The urgent need to update the data and methods used for design flood estimation in South Africa has been highlighted by Smithers and Schulze (2003), Cullis et al. (2007), Görgens et al. (2007), Smithers (2012) and Van Vuuren et al. (2013). The need to update extreme design rainfalls is particularly highlighted by Smithers et al. (2014).

The objective of this paper is to present an overview of the existing methods and current practices of design rainfall estimation in South Africa and globally, with a particular focus on rare events, and to identify and discuss factors needed to improve the estimation of extreme rainfall quantities in South Africa as a platform for future research.



This section introduces the concept of design rainfall estimation and Probable Maximum Precipitation, and briefly discusses the approaches for estimating these types of extreme rainfall events.

Design rainfall estimation

For the planning and design of hydraulic structures such as water and flood control structures, design flood estimates are needed (Haddad et al., 2011a). As such, flood frequency analysis is important due to its environmental and economic impacts (Pilgrim and Cordery, 1993). Design rainfall is an essential input for design flood estimations used to quantify the risk of failure of hydraulic structures (Madsen et al., 2009; Mamoon et al., 2014). Although there is no universal method for design flood estimation, many countries have derived their own standard techniques and guidelines, which typically include a probabilistic approach involving statistical analysis of observed flood data and mathematical modelling using rainfall-runoff techniques (Smithers and Schulze, 2003). Often there are inadequate quantities of observed streamflow data at a site, leading to the frequent use of rainfall-runoff event-based methods, which require a probabilistic estimation of rainfall for a critical duration. This estimation is known as design rainfall and comprises a depth of rainfall over a period of time, or intensity, associated with a given likelihood of exceedance or return period (Mamoon and Rahman, 2014). Design rainfall Depth-Duration-Frequency (DDF) relationships are primary inputs to rainfall-runoff models to estimate design floods and are widely used by engineers and hydrologists for water resources planning and design applications (Haddad et al., 2011b). As such, DDF relationships are a key concept in the design of hydraulic structures as they quantify risk and maximise design efficiencies by using recorded events to predict future exceedance possibilities (Smithers and Schulze, 2003).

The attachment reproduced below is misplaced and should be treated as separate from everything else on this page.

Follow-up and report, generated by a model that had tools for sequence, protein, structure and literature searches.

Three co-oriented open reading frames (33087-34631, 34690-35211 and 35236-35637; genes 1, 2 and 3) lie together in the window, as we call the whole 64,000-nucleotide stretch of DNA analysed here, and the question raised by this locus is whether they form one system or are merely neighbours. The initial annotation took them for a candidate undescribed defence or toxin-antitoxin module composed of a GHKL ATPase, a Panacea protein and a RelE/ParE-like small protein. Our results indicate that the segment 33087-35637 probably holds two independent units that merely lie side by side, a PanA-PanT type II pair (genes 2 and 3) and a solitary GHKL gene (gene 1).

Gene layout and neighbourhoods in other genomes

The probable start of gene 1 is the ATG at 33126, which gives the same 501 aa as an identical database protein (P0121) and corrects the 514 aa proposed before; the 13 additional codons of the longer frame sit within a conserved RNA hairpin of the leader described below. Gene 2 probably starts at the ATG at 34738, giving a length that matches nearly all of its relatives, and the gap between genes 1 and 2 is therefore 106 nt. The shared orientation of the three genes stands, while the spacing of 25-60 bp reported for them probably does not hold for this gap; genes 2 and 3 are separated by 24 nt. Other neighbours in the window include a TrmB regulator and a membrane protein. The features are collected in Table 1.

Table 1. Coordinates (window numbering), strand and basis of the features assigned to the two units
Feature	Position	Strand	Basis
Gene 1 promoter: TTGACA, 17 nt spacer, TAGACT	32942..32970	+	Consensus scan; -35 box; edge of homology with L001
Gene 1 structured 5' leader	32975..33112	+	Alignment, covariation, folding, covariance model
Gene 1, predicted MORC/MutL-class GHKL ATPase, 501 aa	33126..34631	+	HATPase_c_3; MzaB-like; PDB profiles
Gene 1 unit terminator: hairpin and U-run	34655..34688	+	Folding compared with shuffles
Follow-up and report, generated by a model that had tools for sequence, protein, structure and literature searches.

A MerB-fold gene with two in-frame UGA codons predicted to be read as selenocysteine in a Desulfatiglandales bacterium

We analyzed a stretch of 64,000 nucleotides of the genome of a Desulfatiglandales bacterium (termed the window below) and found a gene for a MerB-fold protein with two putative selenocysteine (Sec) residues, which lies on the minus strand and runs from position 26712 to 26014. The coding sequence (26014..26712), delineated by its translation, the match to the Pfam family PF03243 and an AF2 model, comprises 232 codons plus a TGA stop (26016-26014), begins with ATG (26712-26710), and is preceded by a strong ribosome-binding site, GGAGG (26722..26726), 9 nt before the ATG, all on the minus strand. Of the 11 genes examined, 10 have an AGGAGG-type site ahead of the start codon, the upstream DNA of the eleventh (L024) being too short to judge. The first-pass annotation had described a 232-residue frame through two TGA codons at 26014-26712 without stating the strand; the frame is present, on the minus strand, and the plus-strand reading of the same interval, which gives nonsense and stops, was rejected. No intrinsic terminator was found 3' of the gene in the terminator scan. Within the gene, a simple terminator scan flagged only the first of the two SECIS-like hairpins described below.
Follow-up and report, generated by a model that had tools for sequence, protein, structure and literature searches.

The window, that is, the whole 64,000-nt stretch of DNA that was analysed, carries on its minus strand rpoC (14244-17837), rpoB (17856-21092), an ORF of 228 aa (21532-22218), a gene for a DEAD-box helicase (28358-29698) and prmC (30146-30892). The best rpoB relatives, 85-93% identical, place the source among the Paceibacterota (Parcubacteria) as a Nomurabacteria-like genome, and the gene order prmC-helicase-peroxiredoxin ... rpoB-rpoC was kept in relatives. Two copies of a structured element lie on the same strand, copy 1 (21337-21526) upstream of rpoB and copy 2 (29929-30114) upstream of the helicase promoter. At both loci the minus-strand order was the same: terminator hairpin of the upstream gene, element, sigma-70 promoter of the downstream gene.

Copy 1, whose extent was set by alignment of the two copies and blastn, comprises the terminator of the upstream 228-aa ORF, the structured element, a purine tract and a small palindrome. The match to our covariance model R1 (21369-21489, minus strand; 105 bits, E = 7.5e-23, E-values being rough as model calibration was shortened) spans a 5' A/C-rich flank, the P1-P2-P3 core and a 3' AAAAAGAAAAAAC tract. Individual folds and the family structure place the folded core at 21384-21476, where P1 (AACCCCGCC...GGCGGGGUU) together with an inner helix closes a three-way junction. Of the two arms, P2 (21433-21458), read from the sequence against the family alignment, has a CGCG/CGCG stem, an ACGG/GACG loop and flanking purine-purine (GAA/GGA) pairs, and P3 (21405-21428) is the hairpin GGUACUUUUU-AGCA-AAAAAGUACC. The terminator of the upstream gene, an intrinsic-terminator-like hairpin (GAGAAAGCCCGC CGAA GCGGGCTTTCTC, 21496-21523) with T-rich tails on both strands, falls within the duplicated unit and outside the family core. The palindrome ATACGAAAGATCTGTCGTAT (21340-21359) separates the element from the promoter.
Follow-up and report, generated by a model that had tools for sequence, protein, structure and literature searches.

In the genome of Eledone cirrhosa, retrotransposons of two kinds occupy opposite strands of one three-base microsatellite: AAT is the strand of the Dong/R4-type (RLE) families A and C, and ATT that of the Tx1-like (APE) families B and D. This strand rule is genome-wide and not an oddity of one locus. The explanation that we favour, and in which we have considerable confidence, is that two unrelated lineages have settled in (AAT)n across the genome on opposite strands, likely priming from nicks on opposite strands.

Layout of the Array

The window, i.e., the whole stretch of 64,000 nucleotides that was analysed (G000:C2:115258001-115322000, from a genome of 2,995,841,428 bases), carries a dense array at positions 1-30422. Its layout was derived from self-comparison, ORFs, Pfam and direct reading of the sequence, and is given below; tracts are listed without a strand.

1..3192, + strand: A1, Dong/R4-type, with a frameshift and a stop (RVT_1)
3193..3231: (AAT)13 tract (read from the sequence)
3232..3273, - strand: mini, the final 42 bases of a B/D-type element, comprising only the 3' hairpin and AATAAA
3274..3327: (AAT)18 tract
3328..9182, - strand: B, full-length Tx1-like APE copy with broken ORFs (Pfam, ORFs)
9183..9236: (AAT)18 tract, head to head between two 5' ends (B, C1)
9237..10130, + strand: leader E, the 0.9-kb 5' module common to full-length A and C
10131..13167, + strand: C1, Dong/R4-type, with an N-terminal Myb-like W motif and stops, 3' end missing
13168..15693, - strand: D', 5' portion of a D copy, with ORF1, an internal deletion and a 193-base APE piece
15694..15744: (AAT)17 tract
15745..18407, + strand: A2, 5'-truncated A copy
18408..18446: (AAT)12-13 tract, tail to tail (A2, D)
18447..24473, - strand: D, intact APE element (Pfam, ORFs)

Rainfall frequency analysis - at-site vs regional approaches

Rainfall frequency analysis can be based on Annual Maximum Series (AMS) or Partial Duration Series (PDS) (Madsen et al., 1997), using either an at-site analysis or a regional analysis (Stedinger et al., 1993). The AMS is the largest rainfall depth in each year for a given duration whilst the PDS takes into account all events above a specified threshold (Madsen et al., 1997). An at-site approach to rainfall frequency analysis uses rainfall records from a single site of interest (Hosking and Wallis, 1997). Long periods of records are needed for reliable frequency analyses. However, challenges arise as often many rainfall stations have insufficient rainfall records and a high degree of variability in rainfall characteristics, making the spatial interpolation of design rainfall characteristics difficult (Haddad et al., 2011a). Stedinger et al. (1993) stated that it is necessary to utilise data from similar neighbouring regions to account for insufficient at-site data for frequency analysis. This concept is referred to as a regional frequency analysis and uses data from numerous locations to estimate the frequency distribution of observed data at each location (Hosking and Wallis, 1997). In this way, time-limited sampling records are supplemented by using data from a large number of rainfall stations in a region (Haddad et al., 2011a). In regional frequency analysis it is assumed that the data from all gauged sites within a homogenous region can be combined to produce a single regional rainfall frequency curve. After appropriate rescaling, this curve is applicable anywhere in the region, to both gauged and ungauged sites. Key elements of regional frequency analysis include: identification of homogenous regions, determination of regional frequency curves, and a method for estimation of the at-site mean (scaling factor) at any location in the region (Parrett, 1997).